Black Voter Engagement(5:45)
with Derrick Johnson, President and CEO of the NAACP
Feb 12, 2019
Democratic wins in the 2018 midterms were driven largely by African-American voters – particularly black women.
Derrick Johnson, President and CEO of the NAACP, joins host Tetiana Anderson to discuss his organization’s research-based approach to increasing voter participation and engagement.
Anderson: According to the U.S. Elections Project, 49.2% of the eligible voting population voted in the November 2018 election. That´s the highest-recorded rate for a midterm election since 1914. Hello, and welcome to "Comcast Newsmakers." I´m Tetiana Anderson. And while the numbers show improvement, how do you get even more people to become engaged in politics and vote? Well, joining me to talk about that is Derrick Johnson. He is the National President and CEO of the NAACP. And, Derrick, thank you so much for joining us.
Johnson: Thank you for having me.
Anderson: So, gains for the Democrats in the 2018 midterms, driven in large part by Black voters, by Black women, specifically. And I understand that the NAACP is taking some credit for that. Why is it? What did the organization do?
Johnson: Well, for the NAACP in my tenure, I´m focusing on specific engagement. Our goal is to increase the number of infrequent African-American voters in midterm and local elections. Those are African-American voters who vote during Presidential elections, not necessarily during midterm or local elections. So, we had a targeted program using data that was metrics driven where we identified those individuals, and we aggressively targeted those households.
Anderson: So, you mentioned infrequent African-American voters, and there´s been this sort of pervasive, historical myth about Black-voter apathy. Given what happened in 2018, is that something that can finally be put to bed at this point?
Johnson: It should be put to bed. If you think about the myth -- 49% of all Americans vote. That means half of this nation. A little bit better than half of this nation´s eligible voters did participate, so we need to look at election reforms to ensure that we have a more representative governance to make sure that more people participate. But more importantly, in order for us to make democracy work, people must be engaged.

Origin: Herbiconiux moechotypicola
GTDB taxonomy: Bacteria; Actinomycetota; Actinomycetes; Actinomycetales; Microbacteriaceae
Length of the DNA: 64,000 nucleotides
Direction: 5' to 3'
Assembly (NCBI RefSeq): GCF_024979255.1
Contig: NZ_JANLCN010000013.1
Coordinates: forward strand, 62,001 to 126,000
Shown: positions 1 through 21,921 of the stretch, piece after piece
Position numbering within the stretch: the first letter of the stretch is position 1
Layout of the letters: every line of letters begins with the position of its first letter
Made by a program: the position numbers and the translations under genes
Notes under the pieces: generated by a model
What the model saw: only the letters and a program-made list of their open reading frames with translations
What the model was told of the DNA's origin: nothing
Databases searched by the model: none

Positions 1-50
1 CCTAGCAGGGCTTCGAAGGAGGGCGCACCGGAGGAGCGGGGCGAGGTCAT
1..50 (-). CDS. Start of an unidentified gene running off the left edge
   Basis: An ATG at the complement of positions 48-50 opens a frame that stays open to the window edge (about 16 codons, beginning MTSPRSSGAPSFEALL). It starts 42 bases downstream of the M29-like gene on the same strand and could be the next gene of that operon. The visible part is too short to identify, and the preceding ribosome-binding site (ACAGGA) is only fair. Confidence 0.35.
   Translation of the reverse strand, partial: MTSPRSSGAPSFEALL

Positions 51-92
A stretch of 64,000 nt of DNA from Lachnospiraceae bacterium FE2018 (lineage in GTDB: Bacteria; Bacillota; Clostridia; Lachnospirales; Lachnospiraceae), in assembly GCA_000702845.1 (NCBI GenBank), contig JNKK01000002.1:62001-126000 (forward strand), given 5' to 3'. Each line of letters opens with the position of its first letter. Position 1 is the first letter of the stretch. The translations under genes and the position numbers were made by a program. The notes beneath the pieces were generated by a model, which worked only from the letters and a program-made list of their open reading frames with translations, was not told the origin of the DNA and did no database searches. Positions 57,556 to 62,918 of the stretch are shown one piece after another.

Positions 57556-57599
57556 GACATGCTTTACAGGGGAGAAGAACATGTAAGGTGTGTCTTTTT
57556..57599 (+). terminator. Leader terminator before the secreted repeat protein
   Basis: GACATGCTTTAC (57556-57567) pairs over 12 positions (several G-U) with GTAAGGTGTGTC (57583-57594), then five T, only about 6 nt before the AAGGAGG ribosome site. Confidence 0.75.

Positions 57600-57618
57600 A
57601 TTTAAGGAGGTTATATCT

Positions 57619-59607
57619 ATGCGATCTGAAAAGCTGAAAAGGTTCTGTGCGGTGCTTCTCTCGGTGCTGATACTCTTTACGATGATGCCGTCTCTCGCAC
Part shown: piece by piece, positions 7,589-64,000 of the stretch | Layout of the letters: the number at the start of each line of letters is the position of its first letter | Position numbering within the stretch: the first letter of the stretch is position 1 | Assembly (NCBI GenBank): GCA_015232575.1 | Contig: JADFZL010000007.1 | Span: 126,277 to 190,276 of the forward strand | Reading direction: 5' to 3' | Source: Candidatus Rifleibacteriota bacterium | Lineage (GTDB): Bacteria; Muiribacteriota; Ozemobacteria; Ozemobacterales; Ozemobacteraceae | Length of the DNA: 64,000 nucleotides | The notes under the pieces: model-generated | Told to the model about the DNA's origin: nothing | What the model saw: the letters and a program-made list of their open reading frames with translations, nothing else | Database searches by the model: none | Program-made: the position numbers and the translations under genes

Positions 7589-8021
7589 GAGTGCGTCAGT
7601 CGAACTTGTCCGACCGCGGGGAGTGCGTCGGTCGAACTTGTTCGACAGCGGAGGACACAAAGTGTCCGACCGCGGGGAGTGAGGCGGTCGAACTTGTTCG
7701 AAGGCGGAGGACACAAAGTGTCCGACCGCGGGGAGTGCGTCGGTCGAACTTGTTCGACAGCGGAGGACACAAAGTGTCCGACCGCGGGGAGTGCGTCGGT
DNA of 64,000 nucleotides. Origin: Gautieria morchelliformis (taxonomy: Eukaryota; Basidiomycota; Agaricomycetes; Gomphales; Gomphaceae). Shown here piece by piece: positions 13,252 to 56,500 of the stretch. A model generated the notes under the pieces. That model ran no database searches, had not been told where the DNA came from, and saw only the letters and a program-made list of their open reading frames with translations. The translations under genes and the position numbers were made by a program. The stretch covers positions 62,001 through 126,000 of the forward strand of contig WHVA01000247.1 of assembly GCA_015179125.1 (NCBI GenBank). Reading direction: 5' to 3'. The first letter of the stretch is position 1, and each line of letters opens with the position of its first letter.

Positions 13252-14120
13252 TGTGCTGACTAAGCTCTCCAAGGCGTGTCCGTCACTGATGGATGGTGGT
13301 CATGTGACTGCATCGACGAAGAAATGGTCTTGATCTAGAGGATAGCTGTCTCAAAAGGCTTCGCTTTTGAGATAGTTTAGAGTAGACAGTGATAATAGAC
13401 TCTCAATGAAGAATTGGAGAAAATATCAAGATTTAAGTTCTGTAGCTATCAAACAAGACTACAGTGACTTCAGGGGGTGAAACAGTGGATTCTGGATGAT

Anderson: So, the midterms sort of also exposed some problems in the voting system, as well. African-Americans did get out to vote, but there were others that we noticed. What did you pick up on that you guys still need to work on in the lead up to 2020?
Johnson: Well, Section 5 of the Voting Rights Act was ruled unconstitutional several years ago by the Supreme Court. We recognized immediately that we had to aggressively engage our legal counsel and target certain lawsuits. Unfortunately, the Justice Department did not provide any support. They filed no Section 2 claims, so we filed lawsuits in Michigan, in Georgia, in Texas, and across the country.
Anderson: And you´re talking about lawsuits when it comes to voter suppression.
Johnson: Vote suppression methods -- to make sure they didn´t close certain precincts, making sure that individuals who registered to vote are put on the rolls, to make sure that the polling places who are open longer when, in fact, in Georgia, for example, they set up the equipment, but no one could vote for four hours ´cause they didn´t have the power strips. So, we had to file a lawsuit to ensure that everybody was able to cast a ballot. That is a system failure. And for the NAACP, we recognize that there is election reform needed immediately to ensure that all eligible voters can participate.
Anderson: And, so, this reform is needed immediately. We still have time before 2020. What are you guys doing institutionally to make sure that all the pieces are in place before people go to the polls in 2020?
Johnson: A couple of things. So, Congresswoman Marcia Fudge was appointed Special Chair of a committee that´s going to be going across the country taking in statements so we can build a record to reauthorize Section 5 of the Voting Rights Act. NAACP, we´re going to partner with her office to make sure we get all the information in. Secondly, we´re working with the Chairman of Homeland Security in the House because elections are now a matter of national security. Anytime a foreign nation seeks to suppress Black votes to subvert democracy, it is a matter of national concern.
Anderson: And we´ve heard about that.
Johnson: We´ve heard about that over and over. It´s in the news, it´s part of the Mueller investigations, so at the NAACP, we´re working with this office to put in language so our systems, our devices, are encrypted and secure. But more importantly, the broader question for the NAACP is the public policy around elections. We should be looking at compulsory voting, similar to what´s taking place in Australia and 200 countries where 92% and 96% of the population vote. In Australia, 96%. In Canada, 92%. In Germany, 93%. We´re talking about 49% is a high turn-out. That´s a problem. We need to do away with restrictive polling places. Why should someone get off work and drive past three, four precincts before they can cast a ballot? Why are elections held on a work day for 12 hours in so many states? And more importantly, why do we need voter registration? It´s a vote-suppression method. We are duly eligible to cast a ballot. We´re citizens, so we should be able to do so. Those are big-bucket policy issues that we´re focusing on.
Anderson: All of it, extremely important because, of course, we know that voting participation leads to representation. Derrick, thank you so much for joining us.
Johnson: Thank you for the opportunity.
Anderson: And thank you for joining us, as well. For more great conversations with leaders in your own community and across the nation, be sure to visit comcastnewsmakers.com. I´m Tetiana Anderson.